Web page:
The gold price is driven by certain immutable principal themes, each powerful in its own right. Combined, they form the basis for a global Paradigm Shift in wealth transfer. Gold has run roughshod over the $1600 supposed barrier. When it reaches $1700, it will make quick strides and long strides in a sudden move to $2000. The overriding themes are:
ultra-low interest rates, the 0% scourge that urges      asset protection
lost faith in sovereign bonds, ruined on periphery,      moving to core
exploding government deficits, made worse each year.

Most every Gold bull market has been triggered by ultra-low interest rates. The term is Negative Real Rates, which means the prevailing interest rate is way below the prevailing price inflation rate (in the real world). Since 2009, the USFed has held the Fed Funds rate near 0%. It is a signal of ruin, not stimulus, verified by its chronic continuation. All major currencies will fall together versus Gold, as in the USDollar, the Euro, and the British Pound. The Hat Trick Letter in the last two months has shown vivid detail of the broad Gold bull market breakout. A contrary wind is also detected. The Swiss Franc, the Japanese Yen, the Aussie Dollar, and the Canadian Dollar have risen versus the more broken major currencies. What they have in common is grand mineral and resource wealth. Their still fiat paper currencies are indirectly supported by the commodity riches, making them much more favorable to FOREX traders. The best that central banks can achieve is stability among the major currency exchange rates. This theme is their next propaganda plank of deception. They can claim stability while ignoring the resumed rising cost structure. The mantra must be recognized. Inflate or die means more rising costs, without benefit of increased wages.

Nothing changed since the COMEX ambush of naked shorting in early May, the avalanche that prompted the parade of deceptive analysts to proclaim the end of the Gold trade, the end of the Anti-US$ trade. They were wrong, loud wrong, and we called them wrong. Mark Twain defined ‘dogmatic’ as wrong at the top of the voice. How true! How appropriate! Nothing changed on the endless spew of debt, the endless spew of bank welfare, the endless spew of budget deficits, the endless spew of wrecked toxic sovereign bonds, the relentless rise of costs, the relentless lost job security, the relentless assault on households. The debt crisis has moved into new ground, with the USGovt debt moving onto the same stage as Greece, Portugal, and Ireland. The next broken legs to walk on stage will be Italy and Spain. The biggest surprise will be the entry on stage by France, which looks much more like a PIGS nation than the others. A simple cluster analysis (nifty multi-variate statistical technique) would reveal  France as part of the PIGS pen easily. See the debt ratio charts of the past for a basic pattern. They might lead the PIGS in a Mediterranean Central Bank with a common devalued Latin Euro currency. It would be devalued at least 30%, maybe 50%. A split is coming to the Euro Monetary Union, since the PIGS nations cannot carry such Euro currency in their tortured insolvent tattered wallets any longer. The July Hat Trick Letter covered the split in detail. My belief is firm that France will remain with Germany, since the German financial firms own 95% of French Govt debt, a dirty secret that never is mentioned. The Germans will need squires to carry their bags to meetings.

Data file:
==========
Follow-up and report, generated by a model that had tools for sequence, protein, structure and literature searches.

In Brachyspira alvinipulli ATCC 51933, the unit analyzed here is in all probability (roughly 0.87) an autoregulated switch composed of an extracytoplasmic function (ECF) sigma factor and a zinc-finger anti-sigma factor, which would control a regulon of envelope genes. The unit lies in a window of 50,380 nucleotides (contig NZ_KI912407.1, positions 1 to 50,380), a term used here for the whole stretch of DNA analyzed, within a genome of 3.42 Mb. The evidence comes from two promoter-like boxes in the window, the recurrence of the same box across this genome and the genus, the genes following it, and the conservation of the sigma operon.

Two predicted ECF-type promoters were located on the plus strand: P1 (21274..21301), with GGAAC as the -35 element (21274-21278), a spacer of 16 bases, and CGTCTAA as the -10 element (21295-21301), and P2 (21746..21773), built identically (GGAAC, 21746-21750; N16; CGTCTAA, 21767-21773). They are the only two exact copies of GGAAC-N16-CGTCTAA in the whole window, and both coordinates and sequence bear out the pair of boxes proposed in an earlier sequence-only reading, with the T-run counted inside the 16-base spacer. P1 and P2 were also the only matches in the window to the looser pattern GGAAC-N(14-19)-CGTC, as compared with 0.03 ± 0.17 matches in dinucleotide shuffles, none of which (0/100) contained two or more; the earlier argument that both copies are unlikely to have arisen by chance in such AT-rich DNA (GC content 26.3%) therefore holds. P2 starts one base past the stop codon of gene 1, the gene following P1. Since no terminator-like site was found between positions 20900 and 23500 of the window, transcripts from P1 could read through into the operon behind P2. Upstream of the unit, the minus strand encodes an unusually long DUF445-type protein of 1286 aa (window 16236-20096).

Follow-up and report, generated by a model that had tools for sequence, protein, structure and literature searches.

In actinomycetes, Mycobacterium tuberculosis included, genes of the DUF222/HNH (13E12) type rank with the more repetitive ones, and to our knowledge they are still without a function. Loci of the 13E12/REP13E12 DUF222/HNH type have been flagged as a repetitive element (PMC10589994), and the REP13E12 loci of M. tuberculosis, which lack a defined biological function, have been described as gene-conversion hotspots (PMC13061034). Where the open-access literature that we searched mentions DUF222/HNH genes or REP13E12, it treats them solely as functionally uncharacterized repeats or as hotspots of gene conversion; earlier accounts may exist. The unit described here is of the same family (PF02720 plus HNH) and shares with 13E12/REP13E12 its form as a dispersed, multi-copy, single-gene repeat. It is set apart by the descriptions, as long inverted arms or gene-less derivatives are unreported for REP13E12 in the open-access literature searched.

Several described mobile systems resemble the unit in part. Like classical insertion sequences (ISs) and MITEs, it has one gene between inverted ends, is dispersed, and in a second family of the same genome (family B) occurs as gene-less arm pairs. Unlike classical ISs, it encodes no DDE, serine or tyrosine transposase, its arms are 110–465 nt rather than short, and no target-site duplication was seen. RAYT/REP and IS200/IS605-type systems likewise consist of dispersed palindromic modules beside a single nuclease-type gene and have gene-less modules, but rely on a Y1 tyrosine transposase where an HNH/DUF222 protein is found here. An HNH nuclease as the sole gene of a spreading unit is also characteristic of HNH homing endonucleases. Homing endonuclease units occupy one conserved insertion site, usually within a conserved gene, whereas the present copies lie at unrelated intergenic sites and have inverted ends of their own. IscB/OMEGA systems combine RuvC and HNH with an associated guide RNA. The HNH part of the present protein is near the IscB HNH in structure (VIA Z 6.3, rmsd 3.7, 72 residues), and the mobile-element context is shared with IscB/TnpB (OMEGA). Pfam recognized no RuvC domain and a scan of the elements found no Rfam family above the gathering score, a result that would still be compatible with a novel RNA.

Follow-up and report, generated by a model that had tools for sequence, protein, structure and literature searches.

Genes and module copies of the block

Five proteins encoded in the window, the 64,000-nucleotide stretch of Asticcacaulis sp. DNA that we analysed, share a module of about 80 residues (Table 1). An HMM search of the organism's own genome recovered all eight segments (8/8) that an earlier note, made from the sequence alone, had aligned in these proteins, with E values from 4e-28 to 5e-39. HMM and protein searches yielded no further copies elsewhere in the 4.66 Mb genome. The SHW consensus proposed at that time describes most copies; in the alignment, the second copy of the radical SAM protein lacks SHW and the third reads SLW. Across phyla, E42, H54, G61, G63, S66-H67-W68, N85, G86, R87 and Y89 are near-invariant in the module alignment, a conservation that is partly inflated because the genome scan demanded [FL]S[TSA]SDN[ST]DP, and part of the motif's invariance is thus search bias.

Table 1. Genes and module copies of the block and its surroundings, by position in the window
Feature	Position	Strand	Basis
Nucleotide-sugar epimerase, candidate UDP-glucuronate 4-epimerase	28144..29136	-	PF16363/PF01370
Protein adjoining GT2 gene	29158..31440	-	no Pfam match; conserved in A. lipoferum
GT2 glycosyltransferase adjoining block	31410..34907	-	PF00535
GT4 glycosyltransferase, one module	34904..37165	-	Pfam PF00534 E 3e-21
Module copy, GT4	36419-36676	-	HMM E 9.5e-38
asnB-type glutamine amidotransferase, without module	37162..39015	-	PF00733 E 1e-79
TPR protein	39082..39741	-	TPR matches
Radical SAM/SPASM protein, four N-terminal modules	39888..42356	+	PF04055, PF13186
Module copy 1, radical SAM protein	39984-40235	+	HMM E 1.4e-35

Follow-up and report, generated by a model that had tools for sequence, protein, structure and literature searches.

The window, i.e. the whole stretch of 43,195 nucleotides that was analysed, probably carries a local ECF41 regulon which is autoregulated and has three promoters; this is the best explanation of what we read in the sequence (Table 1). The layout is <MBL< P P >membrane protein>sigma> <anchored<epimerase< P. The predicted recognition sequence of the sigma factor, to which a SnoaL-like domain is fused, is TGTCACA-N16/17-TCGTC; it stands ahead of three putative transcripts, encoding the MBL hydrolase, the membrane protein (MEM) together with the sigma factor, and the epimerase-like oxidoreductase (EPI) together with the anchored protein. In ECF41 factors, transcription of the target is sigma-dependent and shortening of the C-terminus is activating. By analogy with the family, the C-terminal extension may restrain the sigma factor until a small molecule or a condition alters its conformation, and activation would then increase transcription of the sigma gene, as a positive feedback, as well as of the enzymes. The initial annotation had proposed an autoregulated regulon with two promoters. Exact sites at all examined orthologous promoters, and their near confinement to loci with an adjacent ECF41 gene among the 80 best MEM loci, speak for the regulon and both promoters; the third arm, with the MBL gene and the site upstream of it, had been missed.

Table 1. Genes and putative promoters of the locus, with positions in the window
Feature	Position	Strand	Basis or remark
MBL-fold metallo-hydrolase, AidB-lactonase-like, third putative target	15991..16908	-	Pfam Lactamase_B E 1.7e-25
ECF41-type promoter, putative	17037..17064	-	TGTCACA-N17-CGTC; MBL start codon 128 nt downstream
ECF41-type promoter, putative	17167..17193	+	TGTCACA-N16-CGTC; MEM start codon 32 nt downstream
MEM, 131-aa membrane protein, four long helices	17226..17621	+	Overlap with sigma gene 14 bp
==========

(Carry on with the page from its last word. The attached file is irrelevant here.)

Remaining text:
After the EMU split occurs, look for 20 Lehmans to go bust in Europe, as their large banks are badly exposed and heavily damaged. The key is Italy, and tethered Spain. The cross-border debt exposure is magnificent. Bear in mind that Italy is the #8 biggest economy in the world. Italy is responsible for 17% of all European sovereign debt. The practical implications are immediate, as the Italian Treasury must roll over 69 billion Euros in August and September. The Italian Govt debt due between July and end 2011 totals 175 billion Euros, whose financing simply will not happen. Italy must find buyers for a staggering 500 billion Euros in new securities by the end of 2013. Italy will break the Euro, period! A massive Gold Rush will come when money flees supposedly safe haven sovereign funds. The big European banks will drop like wrecked pillars.